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LIU named top business school

By Maxwell Morris, Staff Writer

LIU is a renowned school throughout the country for several reasons. It is known nationwide for its historical campus, once being the estate of C.W. Post. LIU is also known for its direct access to global hotspots such as New York City, the nest for booming businesses worldwide. It’s most impressive feat, however, comes with a 16 year streak. LIU has proudly been selected as a “top business school” by the Princeton Review for the 16th  consecutive year. 

A press release from the university read: 

“The LIU school of business is led by a prestigious faculty whose professional backgrounds include accomplishments at the highest levels of Wall Street and corporate finance.” 

Additionally, the school is accredited by “the Association to Advance Collegiate Schools of Business,” which is a distinction only held by less than five percent of business schools worldwide.

Established in 1916, the organization requires that schools with this accreditation must have excellent career opportunities for graduates, requires that programs seek links within the local community, and is primarily only given to business programs that demonstrate quality faculty and business focused ideals.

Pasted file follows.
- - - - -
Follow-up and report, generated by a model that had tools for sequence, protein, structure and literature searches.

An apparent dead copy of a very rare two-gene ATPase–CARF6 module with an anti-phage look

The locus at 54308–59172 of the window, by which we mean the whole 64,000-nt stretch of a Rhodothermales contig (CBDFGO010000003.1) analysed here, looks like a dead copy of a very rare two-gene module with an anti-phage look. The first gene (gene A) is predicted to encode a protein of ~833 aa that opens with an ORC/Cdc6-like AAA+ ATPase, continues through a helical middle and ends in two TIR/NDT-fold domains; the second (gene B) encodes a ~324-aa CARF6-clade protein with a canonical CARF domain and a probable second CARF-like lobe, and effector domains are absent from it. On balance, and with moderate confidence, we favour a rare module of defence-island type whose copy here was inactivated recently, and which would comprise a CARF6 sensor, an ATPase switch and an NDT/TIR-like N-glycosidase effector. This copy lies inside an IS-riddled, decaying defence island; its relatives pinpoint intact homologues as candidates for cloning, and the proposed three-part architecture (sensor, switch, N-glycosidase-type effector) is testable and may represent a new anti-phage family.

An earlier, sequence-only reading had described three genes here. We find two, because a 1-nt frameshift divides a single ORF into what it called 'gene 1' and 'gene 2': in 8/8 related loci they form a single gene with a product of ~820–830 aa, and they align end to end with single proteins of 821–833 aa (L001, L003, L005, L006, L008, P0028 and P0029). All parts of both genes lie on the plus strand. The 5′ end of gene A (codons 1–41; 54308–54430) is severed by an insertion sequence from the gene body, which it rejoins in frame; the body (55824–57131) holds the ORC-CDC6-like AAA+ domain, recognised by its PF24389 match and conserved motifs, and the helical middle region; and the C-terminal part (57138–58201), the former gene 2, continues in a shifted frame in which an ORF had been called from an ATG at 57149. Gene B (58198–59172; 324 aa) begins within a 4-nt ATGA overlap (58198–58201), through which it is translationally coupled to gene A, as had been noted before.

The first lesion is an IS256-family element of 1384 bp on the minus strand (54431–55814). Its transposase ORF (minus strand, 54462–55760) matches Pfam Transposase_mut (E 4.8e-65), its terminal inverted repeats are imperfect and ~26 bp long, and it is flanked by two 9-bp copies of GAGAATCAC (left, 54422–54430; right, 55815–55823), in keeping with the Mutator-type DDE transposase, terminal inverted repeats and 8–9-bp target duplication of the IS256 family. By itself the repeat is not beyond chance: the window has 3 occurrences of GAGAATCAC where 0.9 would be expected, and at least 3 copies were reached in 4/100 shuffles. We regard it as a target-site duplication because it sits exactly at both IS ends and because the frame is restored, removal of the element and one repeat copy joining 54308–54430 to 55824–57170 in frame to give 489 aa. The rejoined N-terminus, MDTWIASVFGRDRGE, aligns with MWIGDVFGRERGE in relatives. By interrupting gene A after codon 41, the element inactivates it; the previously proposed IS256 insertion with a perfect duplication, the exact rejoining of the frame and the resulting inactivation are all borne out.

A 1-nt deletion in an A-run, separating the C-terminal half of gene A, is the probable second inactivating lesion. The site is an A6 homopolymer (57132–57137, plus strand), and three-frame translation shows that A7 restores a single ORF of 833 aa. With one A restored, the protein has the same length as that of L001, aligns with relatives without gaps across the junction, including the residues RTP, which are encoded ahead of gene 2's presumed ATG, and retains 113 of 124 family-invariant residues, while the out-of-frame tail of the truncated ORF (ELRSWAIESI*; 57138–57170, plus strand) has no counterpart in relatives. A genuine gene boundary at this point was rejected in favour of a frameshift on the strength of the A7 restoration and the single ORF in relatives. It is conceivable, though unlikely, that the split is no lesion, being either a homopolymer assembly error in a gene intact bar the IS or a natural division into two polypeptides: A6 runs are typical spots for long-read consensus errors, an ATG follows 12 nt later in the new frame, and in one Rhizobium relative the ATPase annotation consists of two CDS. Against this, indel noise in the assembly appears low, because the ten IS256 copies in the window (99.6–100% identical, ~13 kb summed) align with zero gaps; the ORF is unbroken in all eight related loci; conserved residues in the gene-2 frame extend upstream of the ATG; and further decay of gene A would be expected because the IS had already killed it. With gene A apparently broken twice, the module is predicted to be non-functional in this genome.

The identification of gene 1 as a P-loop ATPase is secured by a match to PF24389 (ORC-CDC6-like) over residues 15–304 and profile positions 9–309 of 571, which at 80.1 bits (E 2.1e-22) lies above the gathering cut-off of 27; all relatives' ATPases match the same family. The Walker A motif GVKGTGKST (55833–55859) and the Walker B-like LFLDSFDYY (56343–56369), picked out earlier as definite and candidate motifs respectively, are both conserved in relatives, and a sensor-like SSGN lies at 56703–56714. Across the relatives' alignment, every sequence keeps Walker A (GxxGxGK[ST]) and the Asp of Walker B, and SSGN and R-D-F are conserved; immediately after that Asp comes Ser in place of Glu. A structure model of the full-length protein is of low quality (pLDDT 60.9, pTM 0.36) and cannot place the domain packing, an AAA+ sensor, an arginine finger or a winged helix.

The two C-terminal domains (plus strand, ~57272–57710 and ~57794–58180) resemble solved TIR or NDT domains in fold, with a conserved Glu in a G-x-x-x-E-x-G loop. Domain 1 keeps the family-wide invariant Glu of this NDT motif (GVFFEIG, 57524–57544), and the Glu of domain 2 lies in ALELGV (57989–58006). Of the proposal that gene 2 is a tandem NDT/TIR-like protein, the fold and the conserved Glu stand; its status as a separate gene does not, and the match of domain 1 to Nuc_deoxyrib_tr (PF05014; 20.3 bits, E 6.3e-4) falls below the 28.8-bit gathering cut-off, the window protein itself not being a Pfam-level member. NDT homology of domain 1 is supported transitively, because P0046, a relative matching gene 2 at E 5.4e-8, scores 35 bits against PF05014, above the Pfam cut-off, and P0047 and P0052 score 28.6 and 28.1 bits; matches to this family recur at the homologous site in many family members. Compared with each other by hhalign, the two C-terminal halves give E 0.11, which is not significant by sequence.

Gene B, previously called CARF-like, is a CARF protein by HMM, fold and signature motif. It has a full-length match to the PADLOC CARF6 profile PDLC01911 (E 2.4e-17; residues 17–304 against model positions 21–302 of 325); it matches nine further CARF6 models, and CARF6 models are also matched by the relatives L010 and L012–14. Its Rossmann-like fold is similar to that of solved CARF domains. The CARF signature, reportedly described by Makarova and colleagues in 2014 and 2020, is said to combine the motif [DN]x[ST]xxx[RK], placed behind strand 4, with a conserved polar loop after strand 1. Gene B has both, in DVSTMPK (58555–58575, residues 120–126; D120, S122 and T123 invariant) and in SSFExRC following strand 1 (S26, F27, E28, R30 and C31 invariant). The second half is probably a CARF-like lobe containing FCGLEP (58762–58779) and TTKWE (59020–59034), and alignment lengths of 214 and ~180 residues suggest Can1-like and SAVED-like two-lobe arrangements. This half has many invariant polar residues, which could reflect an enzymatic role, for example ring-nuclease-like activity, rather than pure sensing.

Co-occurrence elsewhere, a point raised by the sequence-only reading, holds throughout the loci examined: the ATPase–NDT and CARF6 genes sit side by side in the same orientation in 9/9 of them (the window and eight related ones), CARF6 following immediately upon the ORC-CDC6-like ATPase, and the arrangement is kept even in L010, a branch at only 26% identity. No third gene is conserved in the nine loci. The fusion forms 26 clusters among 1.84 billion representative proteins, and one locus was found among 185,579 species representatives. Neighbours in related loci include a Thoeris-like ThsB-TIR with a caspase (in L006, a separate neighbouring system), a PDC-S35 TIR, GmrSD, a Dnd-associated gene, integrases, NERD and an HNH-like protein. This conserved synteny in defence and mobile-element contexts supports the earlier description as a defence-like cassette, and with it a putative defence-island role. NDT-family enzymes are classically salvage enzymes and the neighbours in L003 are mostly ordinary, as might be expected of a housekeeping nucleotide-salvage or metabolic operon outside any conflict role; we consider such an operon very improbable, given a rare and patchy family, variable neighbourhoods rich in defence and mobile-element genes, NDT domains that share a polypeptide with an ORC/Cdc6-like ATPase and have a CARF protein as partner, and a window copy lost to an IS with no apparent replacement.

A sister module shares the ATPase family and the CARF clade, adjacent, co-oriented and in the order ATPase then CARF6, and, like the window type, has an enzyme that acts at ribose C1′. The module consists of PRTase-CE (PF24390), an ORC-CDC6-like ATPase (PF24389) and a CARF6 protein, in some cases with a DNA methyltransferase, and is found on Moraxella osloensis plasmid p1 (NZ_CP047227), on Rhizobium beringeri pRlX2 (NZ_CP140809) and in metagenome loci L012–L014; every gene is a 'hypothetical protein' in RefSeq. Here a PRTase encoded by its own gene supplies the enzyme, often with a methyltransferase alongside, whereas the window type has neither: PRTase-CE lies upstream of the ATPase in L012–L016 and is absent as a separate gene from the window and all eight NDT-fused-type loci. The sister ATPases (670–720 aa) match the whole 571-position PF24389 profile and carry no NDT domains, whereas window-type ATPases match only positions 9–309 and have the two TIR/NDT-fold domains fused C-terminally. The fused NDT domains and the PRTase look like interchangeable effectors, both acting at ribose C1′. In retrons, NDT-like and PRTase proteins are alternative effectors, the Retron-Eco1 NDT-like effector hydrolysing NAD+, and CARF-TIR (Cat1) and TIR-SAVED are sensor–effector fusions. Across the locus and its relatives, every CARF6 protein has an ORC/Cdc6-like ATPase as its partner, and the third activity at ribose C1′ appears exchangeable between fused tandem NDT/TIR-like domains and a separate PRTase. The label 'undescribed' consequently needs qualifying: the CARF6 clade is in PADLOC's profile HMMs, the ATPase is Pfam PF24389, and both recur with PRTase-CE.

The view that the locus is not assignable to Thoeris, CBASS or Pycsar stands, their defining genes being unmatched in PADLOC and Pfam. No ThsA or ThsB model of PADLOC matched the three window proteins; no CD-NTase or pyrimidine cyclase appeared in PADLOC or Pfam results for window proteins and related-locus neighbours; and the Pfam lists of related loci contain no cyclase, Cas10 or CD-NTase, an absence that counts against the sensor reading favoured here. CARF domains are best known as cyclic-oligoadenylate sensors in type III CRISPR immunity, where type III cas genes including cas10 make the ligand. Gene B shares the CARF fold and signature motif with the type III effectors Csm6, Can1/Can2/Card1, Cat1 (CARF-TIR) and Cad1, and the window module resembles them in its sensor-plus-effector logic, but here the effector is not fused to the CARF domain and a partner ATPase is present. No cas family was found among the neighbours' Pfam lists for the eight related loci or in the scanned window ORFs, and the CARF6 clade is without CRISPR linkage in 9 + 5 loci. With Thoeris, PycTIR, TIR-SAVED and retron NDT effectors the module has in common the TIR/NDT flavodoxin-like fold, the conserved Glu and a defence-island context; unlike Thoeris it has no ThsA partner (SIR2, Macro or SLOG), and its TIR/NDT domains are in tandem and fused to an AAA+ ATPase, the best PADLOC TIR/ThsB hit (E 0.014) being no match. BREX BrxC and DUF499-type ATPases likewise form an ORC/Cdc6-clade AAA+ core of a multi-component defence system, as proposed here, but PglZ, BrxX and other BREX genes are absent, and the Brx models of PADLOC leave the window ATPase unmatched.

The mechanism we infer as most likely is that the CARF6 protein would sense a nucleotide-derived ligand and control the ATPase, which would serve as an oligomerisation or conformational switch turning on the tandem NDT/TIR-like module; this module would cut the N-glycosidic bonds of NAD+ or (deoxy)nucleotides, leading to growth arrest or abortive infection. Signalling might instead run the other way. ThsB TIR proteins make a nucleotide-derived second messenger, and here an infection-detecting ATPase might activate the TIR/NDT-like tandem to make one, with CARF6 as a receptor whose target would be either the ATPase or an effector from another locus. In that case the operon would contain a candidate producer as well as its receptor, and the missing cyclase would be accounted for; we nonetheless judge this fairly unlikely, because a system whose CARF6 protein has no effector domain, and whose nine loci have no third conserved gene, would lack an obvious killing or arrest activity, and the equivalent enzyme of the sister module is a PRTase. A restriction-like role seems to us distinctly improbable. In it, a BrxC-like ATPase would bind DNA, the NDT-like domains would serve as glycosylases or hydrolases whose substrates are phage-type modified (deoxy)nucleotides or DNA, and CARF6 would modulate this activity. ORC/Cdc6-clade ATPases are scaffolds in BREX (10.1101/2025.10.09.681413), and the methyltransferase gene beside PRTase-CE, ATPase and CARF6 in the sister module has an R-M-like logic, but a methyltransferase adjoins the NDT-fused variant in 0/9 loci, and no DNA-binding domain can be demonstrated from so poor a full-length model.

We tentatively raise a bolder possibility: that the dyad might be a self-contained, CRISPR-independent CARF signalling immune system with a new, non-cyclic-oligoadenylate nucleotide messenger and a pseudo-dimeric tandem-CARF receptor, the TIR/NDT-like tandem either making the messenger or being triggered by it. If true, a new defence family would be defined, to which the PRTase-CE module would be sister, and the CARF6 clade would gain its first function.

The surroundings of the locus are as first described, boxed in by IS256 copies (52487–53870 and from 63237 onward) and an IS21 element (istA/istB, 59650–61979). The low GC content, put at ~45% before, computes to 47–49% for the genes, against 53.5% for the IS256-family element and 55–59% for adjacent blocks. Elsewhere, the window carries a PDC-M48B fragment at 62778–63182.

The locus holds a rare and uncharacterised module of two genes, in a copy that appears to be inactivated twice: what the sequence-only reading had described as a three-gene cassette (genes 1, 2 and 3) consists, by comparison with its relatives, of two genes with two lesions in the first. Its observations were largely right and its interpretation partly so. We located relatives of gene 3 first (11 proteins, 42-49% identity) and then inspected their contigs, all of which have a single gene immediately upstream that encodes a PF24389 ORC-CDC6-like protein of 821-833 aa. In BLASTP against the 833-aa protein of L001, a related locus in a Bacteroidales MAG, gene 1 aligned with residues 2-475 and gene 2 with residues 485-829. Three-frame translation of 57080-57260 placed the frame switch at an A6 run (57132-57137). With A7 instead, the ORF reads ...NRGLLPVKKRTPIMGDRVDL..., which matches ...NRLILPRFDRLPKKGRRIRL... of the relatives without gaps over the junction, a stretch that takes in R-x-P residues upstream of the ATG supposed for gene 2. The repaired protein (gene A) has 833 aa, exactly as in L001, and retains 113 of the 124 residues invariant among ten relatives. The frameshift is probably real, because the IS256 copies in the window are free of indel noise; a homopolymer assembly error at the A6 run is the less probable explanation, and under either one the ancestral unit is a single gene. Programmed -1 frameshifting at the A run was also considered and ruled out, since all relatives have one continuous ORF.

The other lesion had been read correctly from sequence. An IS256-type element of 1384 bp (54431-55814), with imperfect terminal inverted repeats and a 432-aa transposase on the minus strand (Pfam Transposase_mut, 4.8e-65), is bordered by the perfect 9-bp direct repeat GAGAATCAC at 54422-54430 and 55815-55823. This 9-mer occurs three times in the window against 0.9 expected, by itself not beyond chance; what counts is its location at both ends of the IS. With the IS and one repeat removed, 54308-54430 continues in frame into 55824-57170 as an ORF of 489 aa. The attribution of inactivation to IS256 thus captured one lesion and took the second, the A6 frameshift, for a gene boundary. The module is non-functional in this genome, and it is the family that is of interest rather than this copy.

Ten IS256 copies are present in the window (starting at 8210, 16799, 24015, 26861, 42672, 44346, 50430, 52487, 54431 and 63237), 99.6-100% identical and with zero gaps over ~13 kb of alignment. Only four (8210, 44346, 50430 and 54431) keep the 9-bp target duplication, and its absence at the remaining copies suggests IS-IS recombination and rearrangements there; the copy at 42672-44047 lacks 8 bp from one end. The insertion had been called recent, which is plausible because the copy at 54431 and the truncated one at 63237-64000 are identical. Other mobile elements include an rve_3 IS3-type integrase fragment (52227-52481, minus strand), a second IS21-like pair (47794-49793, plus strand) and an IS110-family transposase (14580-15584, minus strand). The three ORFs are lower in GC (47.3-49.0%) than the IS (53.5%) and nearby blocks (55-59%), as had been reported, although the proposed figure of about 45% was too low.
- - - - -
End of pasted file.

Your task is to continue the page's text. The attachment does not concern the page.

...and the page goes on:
In a snippet from the press release, LIU President Kimberly R. Cline exclaims that she is “honored to be recognized as a ‘Best Business School’ for the 16th consecutive year…the recognition is a testament to our expert faculty and LIU’s focus on experiential learning as we continue our proud tradition of educating some of the world’s top business leaders.” 

“LIU takes great pride in the excellence of our business school,” Vice President for Academic Affairs Ed Weis said. Weis worked for Merrill Lynch a managing director in investment banking. 

“[LIU’s] business and accounting programs are nationally recognized for their top teaching, research and job placement for students, and our dedicated faculty opens doors for students through their professional connections in nearly every field,” Weis said. 

Students interviewed for LIU’s press release specified that the faculty at the School of Business are “always willing to clarify content and go the extra mile,” and the MBA program “makes you become more creative and competitive…[students at LIU] can feel the big difference between [students] in other colleges.” 

2021 graduate in accounting Matthew Conry is someone who furthered their career through the university’s job placement skills, and luckily is no introvert when it comes to speaking about LIU. When asked about what skills he felt as if LIU had taught him, he emphasized communication over everything. 

“When I came into school as a freshman, I really didn’t let myself experience new things. I stayed in my room and played a lot of video games. But what this school allowed me to do was push myself to become more extroverted in social situations – specifically interviews – where I eventually succeeded and had myself an accounting job before I even graduated.”

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